Three churches and one shrine in Manhattan were chosen to participate in the 12th annual Sacred Sites Open House organized by the New York Landmarks Conservancy July 23-24.
The four Catholic edifices, all located in Manhattan, were St. Mary’s, St. Ignatius Loyola, St. Francis Xavier and St. Frances Cabrini Shrine. Additionally, another Manhattan church of the Byzantine-Ruthenian rite, St. Mary’s on East 15th Street, also took part in the tour.
People had to contend with the hot summer weather to tour the houses of worship.
Ann Friedman, director of the Sacred Sites Program, said, “We expected nobody to get out there. People were so game and cheerful. They were happy to participate. The feedback was positive, and we were excited how interactive New Yorkers are.”
The Manhattan locations were among 80-plus houses of worship open to tours across New York state over the two days.
“There is a hunger among religious communities to share their story, share their space and share what they do with the general public, not just their parishioners. It’s something they were eager to do and honored to be asked to participate,” Ms. Friedman said.
“It’s great to be welcomed inside to hear the history and see the architecture and art.”
“The sacred sites program recognizes religious architecture as some of our most significant designs and it also embodies ethnic and cultural history, and tells the story of our neighborhood,” she said. “These buildings are special.”
The four landmarks date back to the 1800s. St. Ignatius Loyola and St. Francis Xavier are Jesuit-run parishes, two of 66 such parishes in the United States. St. Frances Cabrini herself found the land in 1899 that was purchased and now houses her remains at St. Frances Cabrini Shrine.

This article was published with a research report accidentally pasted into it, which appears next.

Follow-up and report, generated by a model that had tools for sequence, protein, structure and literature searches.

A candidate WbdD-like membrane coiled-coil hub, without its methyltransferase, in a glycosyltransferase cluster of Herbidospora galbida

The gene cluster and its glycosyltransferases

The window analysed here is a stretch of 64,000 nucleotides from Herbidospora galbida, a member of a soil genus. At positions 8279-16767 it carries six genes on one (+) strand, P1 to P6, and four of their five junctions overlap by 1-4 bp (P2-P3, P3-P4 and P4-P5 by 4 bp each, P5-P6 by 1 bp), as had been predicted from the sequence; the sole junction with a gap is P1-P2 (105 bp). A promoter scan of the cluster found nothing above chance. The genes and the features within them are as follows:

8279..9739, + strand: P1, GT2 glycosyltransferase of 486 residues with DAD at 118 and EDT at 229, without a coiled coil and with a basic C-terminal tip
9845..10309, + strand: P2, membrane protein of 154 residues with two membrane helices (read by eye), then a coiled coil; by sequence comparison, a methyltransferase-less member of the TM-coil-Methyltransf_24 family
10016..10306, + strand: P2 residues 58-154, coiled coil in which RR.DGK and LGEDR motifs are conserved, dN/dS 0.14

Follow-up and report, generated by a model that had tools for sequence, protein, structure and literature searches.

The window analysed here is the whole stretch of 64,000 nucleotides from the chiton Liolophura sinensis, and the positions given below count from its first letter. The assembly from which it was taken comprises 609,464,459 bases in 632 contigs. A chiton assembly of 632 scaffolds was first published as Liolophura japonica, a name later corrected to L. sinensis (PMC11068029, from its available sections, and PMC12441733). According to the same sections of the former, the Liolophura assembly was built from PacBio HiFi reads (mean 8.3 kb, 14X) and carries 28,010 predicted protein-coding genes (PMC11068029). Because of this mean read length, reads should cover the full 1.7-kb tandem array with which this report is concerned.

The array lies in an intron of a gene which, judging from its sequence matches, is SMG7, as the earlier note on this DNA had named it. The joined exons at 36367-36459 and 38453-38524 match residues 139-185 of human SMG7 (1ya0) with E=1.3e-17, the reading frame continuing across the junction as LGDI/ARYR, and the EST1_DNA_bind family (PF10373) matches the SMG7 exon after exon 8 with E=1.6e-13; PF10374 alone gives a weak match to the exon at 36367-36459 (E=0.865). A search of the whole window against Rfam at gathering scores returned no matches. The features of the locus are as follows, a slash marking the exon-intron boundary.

St. Mary’s, on Grand Street in Lower Manhattan, will celebrate its bicentennial as a parish in 2026. The church was the first one in the archdiocese named for the Mother of God, and it houses the first Catholic church bell in New York.
St. Mary’s had its first in-person tour as part of Sacred Sites Open House. The parish had a virtual tour in 2020.
New York Landmarks Conservancy partnered with the Lower East Side Preservation Initiative to have a tour at St. Mary’s. Carolyn Ratcliffe of the Lower East Side Preservation Initiative gave the tour at St. Mary’s. Only seven of the 23 registered participants turned out due to the heat.
“Considering the heat, it went really well,” Ms. Ratcliffe said. “The heat kept people away. People obviously are interested in it and did turn out for it. The church is beautiful.
“I think about the history,” she said. “Churches, synagogues and other houses of worship represent part of the culture of the people who made New York City. The buildings still exist because people care about them and they are an integral part of the history of the city.”
New York Landmarks Conservancy will be celebrating its 50th anniversary in 2023, and Ms. Friedman said plans are under way for a 13th Sacred Sites Open House, which is being planned for the spring. Before this year, the Sacred Sites Open House was held in the spring.
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